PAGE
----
12 October 2006

My Relationship with Running

I hated running as a kid. I absolutely detested it in P.E. class. So, when my 7th grade coach made all the girls in athletics TRY running, I had no choice. It turned out, I was a decent sprinter. But, I wanted to do more than that. So, I became a hurdler for 100m & 300m distances, and I also did the long jump and triple jump. She put me on a few relay teams, but I wasn't really into that zone of transition thing. So, I stuck with hurdles and jumps and brought home lots of hardware in junior high.

In spite of being a speedster, I had a mental block about distance running. I considered the mile distance running, and I hated running much more than 1.5 miles.

So, when my junior high coach told me to run cross-country in high school, I looked at her like she was nuts. She told me to do it in order to build endurance for basketball season. Basketball was HUGE at Cedar Hill, TX. I competed in sports with other gals who grew up dribbling basketballs as soon as they could walk . . . many of them went on to play Division I and Division II ball in college. Compared to them, I was very, very average. But, I stuck to it and played on the team. So, the thought at increasing my advantage in basketball by running in cross-country was quite appealing.

I ran cross-country and hated it. This was a co-ed team led by an award-winning coach who took cross-country athletes to the state finals every season. I was the worst, and at best, second-worst runner on the team. In the summer, we ran twice a day. The hills of Cedar Hill are quite unforgiving. Every night after training, I was in excruciating pain, and I dreaded getting up the next morning to get more pain inflicted on me for 6am and 2pm sessions. Since I never quit anything, I stuck with it.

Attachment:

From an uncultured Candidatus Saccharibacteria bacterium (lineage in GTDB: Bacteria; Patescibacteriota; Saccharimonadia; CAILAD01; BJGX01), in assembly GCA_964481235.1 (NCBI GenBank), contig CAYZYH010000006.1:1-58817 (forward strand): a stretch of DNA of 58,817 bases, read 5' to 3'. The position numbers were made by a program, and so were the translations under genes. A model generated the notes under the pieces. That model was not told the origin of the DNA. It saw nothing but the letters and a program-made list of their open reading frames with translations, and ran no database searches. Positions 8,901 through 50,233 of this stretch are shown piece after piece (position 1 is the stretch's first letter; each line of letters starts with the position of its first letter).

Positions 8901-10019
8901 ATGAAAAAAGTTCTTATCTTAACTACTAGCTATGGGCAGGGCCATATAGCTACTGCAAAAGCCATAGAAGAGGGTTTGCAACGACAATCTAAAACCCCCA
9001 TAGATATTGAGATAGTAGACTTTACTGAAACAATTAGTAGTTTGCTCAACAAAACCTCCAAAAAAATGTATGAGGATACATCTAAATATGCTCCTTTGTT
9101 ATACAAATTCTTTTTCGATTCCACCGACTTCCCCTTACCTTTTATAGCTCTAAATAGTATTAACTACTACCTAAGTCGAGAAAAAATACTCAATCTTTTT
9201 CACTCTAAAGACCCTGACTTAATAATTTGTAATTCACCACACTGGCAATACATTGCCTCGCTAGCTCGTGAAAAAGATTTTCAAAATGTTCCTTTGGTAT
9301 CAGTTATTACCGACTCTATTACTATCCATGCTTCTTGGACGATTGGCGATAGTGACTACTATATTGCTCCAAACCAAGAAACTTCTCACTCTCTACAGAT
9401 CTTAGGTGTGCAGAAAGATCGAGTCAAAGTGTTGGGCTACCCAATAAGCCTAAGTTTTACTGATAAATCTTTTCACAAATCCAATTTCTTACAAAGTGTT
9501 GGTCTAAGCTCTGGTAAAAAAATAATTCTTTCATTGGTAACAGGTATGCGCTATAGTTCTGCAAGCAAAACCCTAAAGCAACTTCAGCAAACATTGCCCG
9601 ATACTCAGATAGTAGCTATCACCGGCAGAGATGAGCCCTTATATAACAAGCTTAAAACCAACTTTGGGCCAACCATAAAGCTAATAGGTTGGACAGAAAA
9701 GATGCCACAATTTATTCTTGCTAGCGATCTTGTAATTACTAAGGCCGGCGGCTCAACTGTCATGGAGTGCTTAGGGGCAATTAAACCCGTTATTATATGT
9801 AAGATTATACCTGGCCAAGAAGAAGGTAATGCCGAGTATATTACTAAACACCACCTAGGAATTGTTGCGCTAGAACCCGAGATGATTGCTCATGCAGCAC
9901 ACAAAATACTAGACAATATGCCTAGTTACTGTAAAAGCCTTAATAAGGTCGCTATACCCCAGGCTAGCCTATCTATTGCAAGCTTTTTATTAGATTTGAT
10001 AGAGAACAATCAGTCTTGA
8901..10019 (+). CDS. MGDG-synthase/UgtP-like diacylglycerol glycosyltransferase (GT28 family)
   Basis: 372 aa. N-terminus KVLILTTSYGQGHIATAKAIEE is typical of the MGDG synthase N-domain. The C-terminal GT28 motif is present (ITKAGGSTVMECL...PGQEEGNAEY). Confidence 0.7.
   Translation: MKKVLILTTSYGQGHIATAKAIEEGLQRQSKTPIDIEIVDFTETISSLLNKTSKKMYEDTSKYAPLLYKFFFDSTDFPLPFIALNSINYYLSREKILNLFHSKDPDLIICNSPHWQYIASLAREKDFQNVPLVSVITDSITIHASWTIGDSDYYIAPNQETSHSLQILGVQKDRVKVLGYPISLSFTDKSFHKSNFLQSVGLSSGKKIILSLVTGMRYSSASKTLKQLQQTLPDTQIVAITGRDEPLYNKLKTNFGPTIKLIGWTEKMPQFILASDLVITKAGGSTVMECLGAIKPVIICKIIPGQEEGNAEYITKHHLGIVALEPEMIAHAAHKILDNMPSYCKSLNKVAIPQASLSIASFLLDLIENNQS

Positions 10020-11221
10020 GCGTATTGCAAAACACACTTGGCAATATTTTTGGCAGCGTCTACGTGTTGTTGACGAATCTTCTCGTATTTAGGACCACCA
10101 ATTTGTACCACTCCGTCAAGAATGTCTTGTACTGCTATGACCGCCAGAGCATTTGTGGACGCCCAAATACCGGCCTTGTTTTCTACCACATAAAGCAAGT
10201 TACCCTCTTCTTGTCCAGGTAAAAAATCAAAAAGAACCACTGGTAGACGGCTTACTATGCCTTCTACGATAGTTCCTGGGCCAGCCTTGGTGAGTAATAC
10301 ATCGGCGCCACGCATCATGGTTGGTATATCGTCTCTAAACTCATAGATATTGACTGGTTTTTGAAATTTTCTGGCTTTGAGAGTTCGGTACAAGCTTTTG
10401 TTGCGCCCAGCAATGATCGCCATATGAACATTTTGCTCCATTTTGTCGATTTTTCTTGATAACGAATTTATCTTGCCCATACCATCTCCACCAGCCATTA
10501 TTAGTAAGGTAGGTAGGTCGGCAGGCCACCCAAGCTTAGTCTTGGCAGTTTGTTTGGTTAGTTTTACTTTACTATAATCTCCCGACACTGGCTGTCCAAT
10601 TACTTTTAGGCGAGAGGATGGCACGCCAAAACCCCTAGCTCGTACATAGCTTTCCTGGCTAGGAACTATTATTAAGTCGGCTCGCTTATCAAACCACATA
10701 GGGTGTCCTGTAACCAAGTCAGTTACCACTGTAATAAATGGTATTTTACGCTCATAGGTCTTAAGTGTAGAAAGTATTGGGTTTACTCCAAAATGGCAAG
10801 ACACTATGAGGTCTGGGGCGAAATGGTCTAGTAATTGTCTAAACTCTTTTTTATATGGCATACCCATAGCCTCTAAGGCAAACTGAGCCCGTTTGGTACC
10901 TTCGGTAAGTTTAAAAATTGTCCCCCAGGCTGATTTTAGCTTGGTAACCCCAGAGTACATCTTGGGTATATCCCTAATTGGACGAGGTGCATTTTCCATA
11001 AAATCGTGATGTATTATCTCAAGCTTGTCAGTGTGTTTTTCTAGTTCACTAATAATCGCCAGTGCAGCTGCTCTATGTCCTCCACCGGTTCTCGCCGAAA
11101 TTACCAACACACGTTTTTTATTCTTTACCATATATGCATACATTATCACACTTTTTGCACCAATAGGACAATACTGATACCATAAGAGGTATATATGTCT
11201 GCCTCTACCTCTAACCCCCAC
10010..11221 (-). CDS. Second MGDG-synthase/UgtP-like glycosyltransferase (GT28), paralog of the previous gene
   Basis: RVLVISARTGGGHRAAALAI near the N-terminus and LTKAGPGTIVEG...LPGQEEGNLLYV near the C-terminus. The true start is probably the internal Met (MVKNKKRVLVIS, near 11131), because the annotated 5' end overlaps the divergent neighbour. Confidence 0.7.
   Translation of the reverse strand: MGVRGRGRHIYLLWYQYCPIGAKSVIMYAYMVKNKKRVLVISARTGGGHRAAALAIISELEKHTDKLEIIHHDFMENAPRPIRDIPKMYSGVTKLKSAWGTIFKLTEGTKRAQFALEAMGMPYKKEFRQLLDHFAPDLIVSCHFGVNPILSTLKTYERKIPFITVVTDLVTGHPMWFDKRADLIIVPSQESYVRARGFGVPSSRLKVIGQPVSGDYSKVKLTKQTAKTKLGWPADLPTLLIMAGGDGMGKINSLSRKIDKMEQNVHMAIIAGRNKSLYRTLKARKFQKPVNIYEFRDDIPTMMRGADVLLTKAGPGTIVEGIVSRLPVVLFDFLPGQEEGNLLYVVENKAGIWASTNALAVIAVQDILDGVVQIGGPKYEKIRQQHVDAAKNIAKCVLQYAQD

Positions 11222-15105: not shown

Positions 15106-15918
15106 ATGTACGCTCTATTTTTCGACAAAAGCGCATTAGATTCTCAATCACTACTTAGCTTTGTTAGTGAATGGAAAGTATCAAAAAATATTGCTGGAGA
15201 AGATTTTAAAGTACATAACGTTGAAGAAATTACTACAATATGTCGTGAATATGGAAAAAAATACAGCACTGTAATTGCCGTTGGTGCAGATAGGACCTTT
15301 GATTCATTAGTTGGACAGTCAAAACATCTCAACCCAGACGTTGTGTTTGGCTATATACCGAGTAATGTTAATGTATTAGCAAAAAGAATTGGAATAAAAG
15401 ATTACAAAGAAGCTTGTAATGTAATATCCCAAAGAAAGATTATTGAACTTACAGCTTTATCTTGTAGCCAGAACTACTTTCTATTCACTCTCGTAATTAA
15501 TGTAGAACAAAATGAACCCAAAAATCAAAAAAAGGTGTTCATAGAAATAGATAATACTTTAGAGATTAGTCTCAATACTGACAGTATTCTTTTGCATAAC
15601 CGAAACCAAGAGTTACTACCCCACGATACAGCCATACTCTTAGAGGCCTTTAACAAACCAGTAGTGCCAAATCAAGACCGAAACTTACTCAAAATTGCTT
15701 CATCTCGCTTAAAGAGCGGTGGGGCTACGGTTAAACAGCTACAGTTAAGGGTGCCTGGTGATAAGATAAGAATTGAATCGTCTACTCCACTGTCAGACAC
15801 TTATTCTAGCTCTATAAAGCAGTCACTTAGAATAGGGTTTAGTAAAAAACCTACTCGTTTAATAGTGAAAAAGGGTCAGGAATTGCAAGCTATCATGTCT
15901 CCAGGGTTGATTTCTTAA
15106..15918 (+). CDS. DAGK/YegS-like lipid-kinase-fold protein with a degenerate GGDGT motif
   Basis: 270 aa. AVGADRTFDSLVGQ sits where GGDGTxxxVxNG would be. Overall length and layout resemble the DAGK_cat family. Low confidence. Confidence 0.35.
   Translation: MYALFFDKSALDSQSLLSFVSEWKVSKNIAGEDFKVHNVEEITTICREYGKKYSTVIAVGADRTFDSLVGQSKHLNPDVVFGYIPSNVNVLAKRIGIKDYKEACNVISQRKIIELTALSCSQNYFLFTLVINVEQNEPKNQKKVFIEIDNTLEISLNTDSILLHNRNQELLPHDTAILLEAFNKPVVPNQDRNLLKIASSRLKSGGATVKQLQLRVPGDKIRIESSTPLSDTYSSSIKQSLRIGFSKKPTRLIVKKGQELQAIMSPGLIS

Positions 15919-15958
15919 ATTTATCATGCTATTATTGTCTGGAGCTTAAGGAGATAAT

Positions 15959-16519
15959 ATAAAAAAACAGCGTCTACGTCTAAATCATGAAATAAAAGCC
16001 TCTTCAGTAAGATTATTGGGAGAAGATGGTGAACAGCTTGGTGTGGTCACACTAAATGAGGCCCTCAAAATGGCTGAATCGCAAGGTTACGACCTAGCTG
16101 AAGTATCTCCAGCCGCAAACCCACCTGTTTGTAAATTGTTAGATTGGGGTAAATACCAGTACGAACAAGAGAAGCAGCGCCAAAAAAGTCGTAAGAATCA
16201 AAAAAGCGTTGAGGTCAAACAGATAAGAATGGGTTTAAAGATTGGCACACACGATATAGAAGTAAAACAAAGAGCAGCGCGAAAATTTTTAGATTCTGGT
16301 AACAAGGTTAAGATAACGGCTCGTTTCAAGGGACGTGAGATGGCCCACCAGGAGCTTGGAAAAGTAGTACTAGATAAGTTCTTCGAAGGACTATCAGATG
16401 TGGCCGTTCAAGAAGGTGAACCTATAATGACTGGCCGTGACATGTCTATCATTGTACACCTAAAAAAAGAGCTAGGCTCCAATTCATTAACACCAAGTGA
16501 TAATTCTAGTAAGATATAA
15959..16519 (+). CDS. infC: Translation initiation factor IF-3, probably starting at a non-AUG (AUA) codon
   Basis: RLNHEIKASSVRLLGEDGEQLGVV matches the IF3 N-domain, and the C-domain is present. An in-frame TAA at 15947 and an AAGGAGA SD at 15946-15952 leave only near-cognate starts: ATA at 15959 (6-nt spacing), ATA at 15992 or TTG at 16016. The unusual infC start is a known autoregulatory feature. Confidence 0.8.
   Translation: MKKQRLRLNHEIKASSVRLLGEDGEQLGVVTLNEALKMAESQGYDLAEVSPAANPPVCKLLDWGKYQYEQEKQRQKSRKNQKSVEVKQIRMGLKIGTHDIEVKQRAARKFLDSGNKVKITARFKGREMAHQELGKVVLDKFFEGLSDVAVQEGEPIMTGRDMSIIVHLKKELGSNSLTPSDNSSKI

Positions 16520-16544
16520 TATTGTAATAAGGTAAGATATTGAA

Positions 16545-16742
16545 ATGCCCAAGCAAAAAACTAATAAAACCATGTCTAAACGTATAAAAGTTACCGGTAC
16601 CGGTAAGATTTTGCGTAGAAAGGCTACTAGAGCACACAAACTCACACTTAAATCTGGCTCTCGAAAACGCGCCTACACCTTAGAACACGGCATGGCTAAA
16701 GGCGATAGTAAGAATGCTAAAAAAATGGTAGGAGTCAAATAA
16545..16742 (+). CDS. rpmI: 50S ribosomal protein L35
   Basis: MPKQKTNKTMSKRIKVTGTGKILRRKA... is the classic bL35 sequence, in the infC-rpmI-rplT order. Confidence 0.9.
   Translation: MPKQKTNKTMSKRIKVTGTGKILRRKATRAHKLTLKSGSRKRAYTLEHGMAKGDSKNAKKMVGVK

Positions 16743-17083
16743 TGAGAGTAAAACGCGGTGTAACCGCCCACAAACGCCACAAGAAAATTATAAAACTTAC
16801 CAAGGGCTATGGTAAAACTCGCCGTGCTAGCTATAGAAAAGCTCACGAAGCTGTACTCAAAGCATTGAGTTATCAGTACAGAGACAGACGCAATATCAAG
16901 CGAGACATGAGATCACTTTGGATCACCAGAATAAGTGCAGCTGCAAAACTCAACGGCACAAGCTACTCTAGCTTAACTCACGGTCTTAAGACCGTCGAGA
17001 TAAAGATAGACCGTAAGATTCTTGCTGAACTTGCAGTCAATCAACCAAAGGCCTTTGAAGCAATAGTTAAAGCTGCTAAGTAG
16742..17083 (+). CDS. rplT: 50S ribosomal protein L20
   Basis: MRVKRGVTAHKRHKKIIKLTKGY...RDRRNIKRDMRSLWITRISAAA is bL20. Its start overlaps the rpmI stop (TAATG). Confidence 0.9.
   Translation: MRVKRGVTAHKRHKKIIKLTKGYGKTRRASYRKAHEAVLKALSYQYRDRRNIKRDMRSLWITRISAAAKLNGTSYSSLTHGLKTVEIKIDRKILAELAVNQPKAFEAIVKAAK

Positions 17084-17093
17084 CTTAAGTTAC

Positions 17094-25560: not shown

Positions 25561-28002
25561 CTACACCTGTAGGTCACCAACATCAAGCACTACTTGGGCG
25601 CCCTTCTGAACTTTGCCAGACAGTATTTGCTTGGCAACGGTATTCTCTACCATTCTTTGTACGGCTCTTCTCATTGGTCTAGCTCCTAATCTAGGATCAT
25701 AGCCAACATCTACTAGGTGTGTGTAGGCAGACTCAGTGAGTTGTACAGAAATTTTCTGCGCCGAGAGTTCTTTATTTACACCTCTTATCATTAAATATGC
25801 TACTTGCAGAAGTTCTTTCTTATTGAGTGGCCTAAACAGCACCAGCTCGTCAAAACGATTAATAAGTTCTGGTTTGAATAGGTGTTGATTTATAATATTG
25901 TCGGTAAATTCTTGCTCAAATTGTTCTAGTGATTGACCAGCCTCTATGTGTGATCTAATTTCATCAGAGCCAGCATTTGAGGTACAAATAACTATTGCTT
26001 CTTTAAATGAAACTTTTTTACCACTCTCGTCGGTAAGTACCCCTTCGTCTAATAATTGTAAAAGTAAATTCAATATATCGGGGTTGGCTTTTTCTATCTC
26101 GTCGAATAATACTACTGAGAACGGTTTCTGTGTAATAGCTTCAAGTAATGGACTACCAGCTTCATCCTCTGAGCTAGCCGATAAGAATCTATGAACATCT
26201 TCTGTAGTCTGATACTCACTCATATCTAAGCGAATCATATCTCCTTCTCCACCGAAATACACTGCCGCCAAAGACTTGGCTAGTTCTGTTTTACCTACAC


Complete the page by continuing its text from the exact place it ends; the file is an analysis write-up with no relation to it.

Eventually, I was able to complete 3 mile training runs without walking or stopping which surprised me and built up my confidence. The entire season, I waited for the coach to cut me from the team, but she never did. Instead, she entered all the runners who stuck with the training in local meets.

On one particular race, I started gaining on a few of the sophomore girls from my team who were also competing in the J.V. division. One of the girls asked me to run with her so she had company. I had a lot of strength and speed left, and I felt I could have totally whipped past her, but I was loyal to my teammate. After she regained her strength, she ditched me. I think she just didn't want the worst runner on the team to pass her, so she made up some pity story for me to stick with her. I never fell for that one again. Also, when we ran at meets under the hot Texas sun, I couldn't believe how many runners I passed in the competitions. At one point in the course that we frequented several times during the season, my coach yelled at me to pass the two girls ahead of me. She said that I trained and they didn't. Those words stuck with me, and I tore it up until I passed them and made it through the chute.

I may have been the worst one on the state champion cross-country team, but I trained among some of the best runners in the state. I actually had the ability to beat runners from other schools, and I pushed past my mental blocks of what I was capable of running in distance, and I became a runner my freshman year of high school.

Basketball never really worked out for me, anyway. Once I was in high school, it no longer became a game, but a chore working with a divided team and a freshman coach who hated coaching basketball. So, I ended my bout with basketball and athletics at Cedar Hill high school. But, I kept running. I ran to destress, to stay fit, and to MOVE.

I had to run often in college for Air Force ROTC physical fitness tests & field training. Once I was on active duty, I started competing in sprint-distance triathlons, and again came the running training.

Now, I'm training for my first half-marathon. I run because I have a goal in mind: to finish the race somewhere between 2:15 and 2:30. I run in chiropractic school to clear my mind from all the facts I have to memorize, to forget about my crazy schedule, and to enjoy moving my legs. I love the feeling of accomplishment after a tough speed workout or a long distance day. I love that my individual workouts are longer than they have been in years. It's been years of running, but I've definitely improved. I love it more -- and I don't even consider the word "hate" when I think of running. I wonder where I'll be with running in another 10 years.



Blogger David said...

I love to read convert stories. You have certainly grasped the thrill of running. Keep it up. Keep competing with yourself and you'll never be bored with it.

26 October, 2006 20:12  

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